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Is there a whiskey shortage looming?

Yes, indeed, according to distillers and industry observers, who point to a worldwide boom in consumption of bourbon and whiskey, and in particular Tennessee whiskey, the fastest-growing variety.

From millennials transitioning from craft beers and wine, to baby boomers coming back into the fold — and international consumers experiencing it for the first time — American whiskey is enjoying a revival.

Annual sales rose 10.2 percent in the past year alone, according to the Washington, D.C.-based Distilled Spirits Council.

"We have seen an explosion internationally," said David Ozgo, chief economist for the DSC, the trade group representing America's distillers. Exports of bourbon and Tennessee whiskey exceeded $1 billion last year, up from $400 million just a decade ago.

Driving the growth has been the easing of tariffs on whiskey in many international markets, including China, Australia and South Korea, opening the door to American whiskey imports.

RELATED: 5 things you need to know about Tennessee whiskey

It means big business for Tennessee, where distilled spirits — primarily Tennessee whiskey from big producers Jack Daniel and George Dickel — accounted for $1.7 billion in economic activity in 2011, the last year for which data are available, according to Ozgo.

The state now has about 25 distilleries, ranging in size from Jack Daniel in Lynchburg with nearly 500 employees to some small craft distillers with just a few, said Billy Kaufman, president of the Tennessee Distillers Guild and owner of the Short Mountain Distillery near Woodbury.

"Distilleries brand the state," Kaufman said, noting that Jack Daniel's alone has made Tennessee whiskey a household name around the world. Jack Daniel's brands account for about 95 percent of the state's whiskey exports.

Whiskey revival

The American whiskey market fell into decline for more than two decades beginning around 1980, as drinkers turned to such substitutes as vodka, rum and tequila. It began its revival in 2000, and since then has gained 6 percentage points in its share of the U.S. domestic alcohol beverage market, to 34.7 percent, Ozgo said.

And in the past couple of years, even though vodka is still growing, "whiskey has really taken off," he said.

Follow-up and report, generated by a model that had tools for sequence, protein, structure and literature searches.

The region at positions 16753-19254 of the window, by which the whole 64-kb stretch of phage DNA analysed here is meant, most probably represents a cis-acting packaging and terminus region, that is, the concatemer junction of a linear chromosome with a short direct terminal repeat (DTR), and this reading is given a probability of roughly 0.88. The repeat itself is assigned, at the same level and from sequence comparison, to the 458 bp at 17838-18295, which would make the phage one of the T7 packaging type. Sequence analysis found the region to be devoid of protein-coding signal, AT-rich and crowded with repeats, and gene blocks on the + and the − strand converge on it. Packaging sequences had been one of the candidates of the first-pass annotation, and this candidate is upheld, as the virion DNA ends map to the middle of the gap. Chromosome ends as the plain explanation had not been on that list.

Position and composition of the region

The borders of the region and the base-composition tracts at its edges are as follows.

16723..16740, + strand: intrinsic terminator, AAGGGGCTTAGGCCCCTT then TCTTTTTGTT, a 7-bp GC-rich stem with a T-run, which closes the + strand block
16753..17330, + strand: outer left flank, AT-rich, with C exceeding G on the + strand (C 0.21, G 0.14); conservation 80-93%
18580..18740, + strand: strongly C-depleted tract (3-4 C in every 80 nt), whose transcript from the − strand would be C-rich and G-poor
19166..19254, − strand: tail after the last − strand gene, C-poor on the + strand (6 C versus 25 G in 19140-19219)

No way to rush

To underscore the possibility of a shortage, gains in whiskey sales are outpacing production increases by at least 2-to-1, industry experts say.

That's prompting distillers to rush to head off a crisis, said Clayton Cutler, chief distiller at the TennSouth Distillery in Lynnville, one of the newest players.

But there's really no way to put a rush on good whiskey, he said.

"It's not like you can ramp up production today and have that whiskey on the market tomorrow," said Cutler, whose distillery specializes in Tennessee whiskey made the old-fashioned way — filtered through sugar maple charcoal, as pioneered by Jack Daniel.

"There's an aging process that requires a wait of at least a couple of years before you can start selling it," he said. "Some takes four years or more."

TennSouth has about 200 barrels of its signature Clayton James Tennessee Whiskey aging in its warehouse now, and the first batch will reach maturity sometime this fall, he said. In the meantime, the distillery is working overtime to put up more barrels.

Craft distillers are popping up

What's driving the growth domestically is the proliferation of small craft distilleries, which have begun popping up all over in Tennessee since the state legislature relaxed rules in 2009 on where they can operate, expanding legal distilling from just three to now 41 of the state's 95 counties.

Just like what the market saw earlier with craft brewers, consumers looking for something new and different are embracing the small distilleries, whose homespun whiskey products are becoming staples at trendy bars and restaurants.

But it's not just the craft distillers benefiting from the whiskey renaissance, said Jeff Arnett, master distiller at Jack Daniel in Lynchburg, the world's largest producer of Tennessee whiskey.

"It's an exciting time to be in the whiskey business," he said. "A rising tide raises all ships, and the craft distillers have been good for all the big American whiskey brands. We've definitely seen a lift from it. They're making whiskey more exciting and bringing more people into the whiskey segment. They're popping up all over, in convenient tourist places, and they're driving more tourism business for us. It's fascinating."